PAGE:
FOOTNOTES

1.   “[T]he powers of boards of supervisors are fixed by statute and are limited to those conferred expressly or by necessary implication.”   Board of Supervisors v. Horne, 216 Va. 113, 117, 215 S.E.2d 453, 455 (1975).   This rule is corollary to the Dillon Rule that municipal corporations are similarly limited in their powers.  Id. at 117, 215 S.E.2d at 455-56.   Because the trial court and the parties refer to the Dillon Rule, we will also in this opinion.

2.   Code § 15.2-1517(A) states that “[a]ny locality may provide ․ health insurance programs for their officers and employees ․ through a program of self-insurance,” and § 51.1-801 states that a “local governing body may, through self-funding ․, provide ․ sickness insurance coverage for officers and employees ․ and their dependents.”

3.   In this regard, however, we note that a dependant is also defined as “one not able to exist or sustain oneself without the power or aid of someone else.”   Black's Law Dictionary 449 (7th edition 1999).   Moreover, as a term of art, a “legal dependent” is defined as “[a] person who is dependent according to law;  a person who derives principal support from another.”   Id. (emphasis added).   Nevertheless, these definitions do not control our resolution of this appeal.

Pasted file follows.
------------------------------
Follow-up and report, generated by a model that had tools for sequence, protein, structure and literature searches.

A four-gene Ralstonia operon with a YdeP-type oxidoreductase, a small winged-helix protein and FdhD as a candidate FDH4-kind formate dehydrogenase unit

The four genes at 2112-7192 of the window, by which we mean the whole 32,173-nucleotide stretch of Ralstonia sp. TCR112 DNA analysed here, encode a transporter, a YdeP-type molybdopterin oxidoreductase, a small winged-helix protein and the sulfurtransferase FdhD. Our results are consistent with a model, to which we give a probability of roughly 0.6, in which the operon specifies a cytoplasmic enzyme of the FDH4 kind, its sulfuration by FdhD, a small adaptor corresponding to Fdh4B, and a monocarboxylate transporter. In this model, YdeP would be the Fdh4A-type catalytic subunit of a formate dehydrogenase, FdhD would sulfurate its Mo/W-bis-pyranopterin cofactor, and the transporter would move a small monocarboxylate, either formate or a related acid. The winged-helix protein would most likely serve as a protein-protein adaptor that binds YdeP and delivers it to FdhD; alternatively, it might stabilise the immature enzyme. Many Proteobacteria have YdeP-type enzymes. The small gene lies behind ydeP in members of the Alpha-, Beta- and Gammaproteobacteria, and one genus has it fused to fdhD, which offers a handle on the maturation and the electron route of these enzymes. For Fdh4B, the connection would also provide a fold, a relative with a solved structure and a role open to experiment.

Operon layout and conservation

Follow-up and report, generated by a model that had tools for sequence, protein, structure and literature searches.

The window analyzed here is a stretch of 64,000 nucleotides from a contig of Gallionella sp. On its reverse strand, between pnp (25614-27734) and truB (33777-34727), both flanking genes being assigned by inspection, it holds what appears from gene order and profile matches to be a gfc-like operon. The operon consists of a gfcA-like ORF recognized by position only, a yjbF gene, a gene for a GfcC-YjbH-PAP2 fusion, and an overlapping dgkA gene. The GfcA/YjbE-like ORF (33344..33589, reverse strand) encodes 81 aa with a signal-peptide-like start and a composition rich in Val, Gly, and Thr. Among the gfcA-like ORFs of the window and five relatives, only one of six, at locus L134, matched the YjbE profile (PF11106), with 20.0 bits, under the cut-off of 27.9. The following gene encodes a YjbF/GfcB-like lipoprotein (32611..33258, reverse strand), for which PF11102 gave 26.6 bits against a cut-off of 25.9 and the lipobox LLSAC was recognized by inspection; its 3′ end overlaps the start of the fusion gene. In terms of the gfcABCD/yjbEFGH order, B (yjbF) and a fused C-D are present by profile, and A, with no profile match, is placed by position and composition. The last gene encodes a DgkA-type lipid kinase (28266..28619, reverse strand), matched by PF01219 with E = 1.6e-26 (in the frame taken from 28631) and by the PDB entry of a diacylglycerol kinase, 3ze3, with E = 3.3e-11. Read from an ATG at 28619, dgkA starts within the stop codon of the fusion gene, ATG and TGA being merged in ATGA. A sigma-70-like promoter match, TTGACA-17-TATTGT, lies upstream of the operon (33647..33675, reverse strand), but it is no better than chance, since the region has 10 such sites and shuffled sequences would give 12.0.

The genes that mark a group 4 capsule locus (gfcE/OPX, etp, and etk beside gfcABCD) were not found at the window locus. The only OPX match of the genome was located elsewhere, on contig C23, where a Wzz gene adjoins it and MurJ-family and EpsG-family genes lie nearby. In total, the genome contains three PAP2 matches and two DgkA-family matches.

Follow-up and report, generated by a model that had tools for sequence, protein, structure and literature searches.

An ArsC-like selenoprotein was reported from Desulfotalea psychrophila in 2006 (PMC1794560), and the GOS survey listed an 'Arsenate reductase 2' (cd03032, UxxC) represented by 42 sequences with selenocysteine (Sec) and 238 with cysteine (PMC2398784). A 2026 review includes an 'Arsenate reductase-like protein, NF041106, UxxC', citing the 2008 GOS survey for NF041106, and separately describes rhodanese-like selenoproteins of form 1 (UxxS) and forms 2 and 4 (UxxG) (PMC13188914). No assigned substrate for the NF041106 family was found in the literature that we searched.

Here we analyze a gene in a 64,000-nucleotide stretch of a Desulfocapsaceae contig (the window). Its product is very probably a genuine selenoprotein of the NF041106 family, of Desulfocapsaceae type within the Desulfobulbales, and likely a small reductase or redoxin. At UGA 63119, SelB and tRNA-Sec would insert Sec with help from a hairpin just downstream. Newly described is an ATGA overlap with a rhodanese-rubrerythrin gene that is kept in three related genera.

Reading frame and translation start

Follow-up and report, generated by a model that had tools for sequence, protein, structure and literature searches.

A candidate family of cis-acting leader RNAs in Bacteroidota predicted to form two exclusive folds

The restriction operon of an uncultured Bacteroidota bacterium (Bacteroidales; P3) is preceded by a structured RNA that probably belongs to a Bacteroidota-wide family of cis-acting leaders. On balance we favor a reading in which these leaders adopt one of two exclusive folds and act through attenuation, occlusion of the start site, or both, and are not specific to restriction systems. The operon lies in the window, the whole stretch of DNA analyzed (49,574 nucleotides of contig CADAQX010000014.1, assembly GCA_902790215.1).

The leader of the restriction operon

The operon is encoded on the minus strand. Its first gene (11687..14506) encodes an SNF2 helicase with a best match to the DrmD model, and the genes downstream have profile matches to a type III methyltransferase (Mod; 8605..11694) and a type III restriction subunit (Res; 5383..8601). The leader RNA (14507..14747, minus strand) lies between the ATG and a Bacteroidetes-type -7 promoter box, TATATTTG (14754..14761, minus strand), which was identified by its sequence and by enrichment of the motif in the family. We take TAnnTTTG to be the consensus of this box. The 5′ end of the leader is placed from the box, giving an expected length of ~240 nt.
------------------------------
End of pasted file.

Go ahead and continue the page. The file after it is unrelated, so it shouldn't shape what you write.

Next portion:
4.   Accordingly, we need not address the Taxpayers' argument that the County has attempted to legislate in the field of domestic relations.

5.   The Taxpayers argue on brief that Arlington County's definition of “dependent” conflicts with the definition of that term under state and federal income tax laws.

6.   I also note that under Virginia's State and Local Government Conflict of Interests Act, the term “dependent” is defined as “a son, daughter, father, mother, brother, sister or other person, whether or not related by blood or marriage, if such a person receives from the officer or employee, or provides to the officer or employee, more than one-half of his financial support.”  (Emphasis added.)   Code § 2.1-639.2. See also Code §§ 2.1-639.15, 2.1-639.15:1, 2.1-639.31, 2.1-639.41, 26-69, 34-4, and 59.1-365.

KOONTZ, Justice.